Giuseppe Carenini

  • Professor
  • University of British Columbia

Unlimited discourse structures in the era of distant supervision, pre-trained language models and autoencoders


Abstract:  Historically, discourse processing relies on human annotated corpora that are very small and lack diversity, often leading to overfitting, poor performance in domain transfer, and minimal success of modern deep-learning solutions. So, wouldn’t it be great if we could generate an unlimited amount of discourse structures for both monologues and dialogues, across genres, without involving human annotation? In this talk, I will present some preliminary results on possible strategies to achieve this goal: by either leveraging natural text annotations (like sentiment and summaries), by extracting discourse information from pre-trained and fine-tuned language models, or by inducing discourse trees from task-agnostic autoencoding learning objectives. Besides the many remaining challenges and open issues, I will discuss the potential of these novel approaches not only to boost the performance of discourse parsers (NLU) and text planners (NLG), but also lead to more explanatory and useful data-driven theories of discourse.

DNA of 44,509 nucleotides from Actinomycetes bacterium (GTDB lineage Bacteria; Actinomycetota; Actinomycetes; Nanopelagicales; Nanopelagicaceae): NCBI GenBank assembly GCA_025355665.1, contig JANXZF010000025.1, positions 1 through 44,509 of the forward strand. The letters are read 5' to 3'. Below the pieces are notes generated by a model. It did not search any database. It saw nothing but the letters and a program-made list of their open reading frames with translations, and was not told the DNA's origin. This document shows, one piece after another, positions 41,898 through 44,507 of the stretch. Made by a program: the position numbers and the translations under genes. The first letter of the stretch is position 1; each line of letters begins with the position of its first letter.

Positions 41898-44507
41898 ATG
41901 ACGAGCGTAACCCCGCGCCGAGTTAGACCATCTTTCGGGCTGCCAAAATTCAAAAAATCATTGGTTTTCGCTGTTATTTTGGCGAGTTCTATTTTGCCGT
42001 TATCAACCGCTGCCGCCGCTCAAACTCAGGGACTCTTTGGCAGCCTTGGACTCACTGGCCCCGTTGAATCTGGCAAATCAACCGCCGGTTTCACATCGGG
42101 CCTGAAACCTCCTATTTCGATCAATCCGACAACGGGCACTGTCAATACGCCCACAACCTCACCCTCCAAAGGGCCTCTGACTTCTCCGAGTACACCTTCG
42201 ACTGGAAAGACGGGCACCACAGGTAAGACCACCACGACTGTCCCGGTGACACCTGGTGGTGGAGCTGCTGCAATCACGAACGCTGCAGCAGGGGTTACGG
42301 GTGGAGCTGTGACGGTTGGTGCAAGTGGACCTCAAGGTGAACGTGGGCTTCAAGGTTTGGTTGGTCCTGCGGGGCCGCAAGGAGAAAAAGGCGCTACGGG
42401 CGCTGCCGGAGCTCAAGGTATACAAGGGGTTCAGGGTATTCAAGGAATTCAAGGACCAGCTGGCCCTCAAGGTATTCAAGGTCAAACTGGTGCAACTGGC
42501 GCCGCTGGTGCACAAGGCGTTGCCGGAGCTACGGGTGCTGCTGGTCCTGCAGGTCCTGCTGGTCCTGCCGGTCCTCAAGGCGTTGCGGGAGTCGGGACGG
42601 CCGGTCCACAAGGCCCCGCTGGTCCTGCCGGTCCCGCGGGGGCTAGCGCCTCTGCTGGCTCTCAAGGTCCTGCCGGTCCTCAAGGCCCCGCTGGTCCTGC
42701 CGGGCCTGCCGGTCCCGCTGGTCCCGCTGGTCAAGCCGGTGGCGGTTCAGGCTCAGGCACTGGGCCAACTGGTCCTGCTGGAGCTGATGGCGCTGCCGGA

Bio: Giuseppe Carenini is a Professor in Computer Science and Director of the Master in Data Science at UBC (Vancouver, Canada). His work on natural language processing and information visualization to support decision making has been published in over 140 peer-reviewed papers (including best paper at UMAP-14 and ACM-TiiS-14). Dr. Carenini was the area chair for many conferences including recently for ACL’21 in “Natural language Generation”, as well as Senior Area Chair for NAACL’21 in “Discourse and Pragmatics”.  Dr. Carenini  was also the Program Co-Chair for IUI 2015 and  for SigDial 2016. In 2011, he published a co-authored book on “Methods for Mining and Summarizing Text Conversations”.  In his work, Dr. Carenini has also extensively collaborated with industrial partners, including Microsoft and IBM. He was awarded a Google Research Award in 2007 and a Yahoo Faculty Research Award in 2016.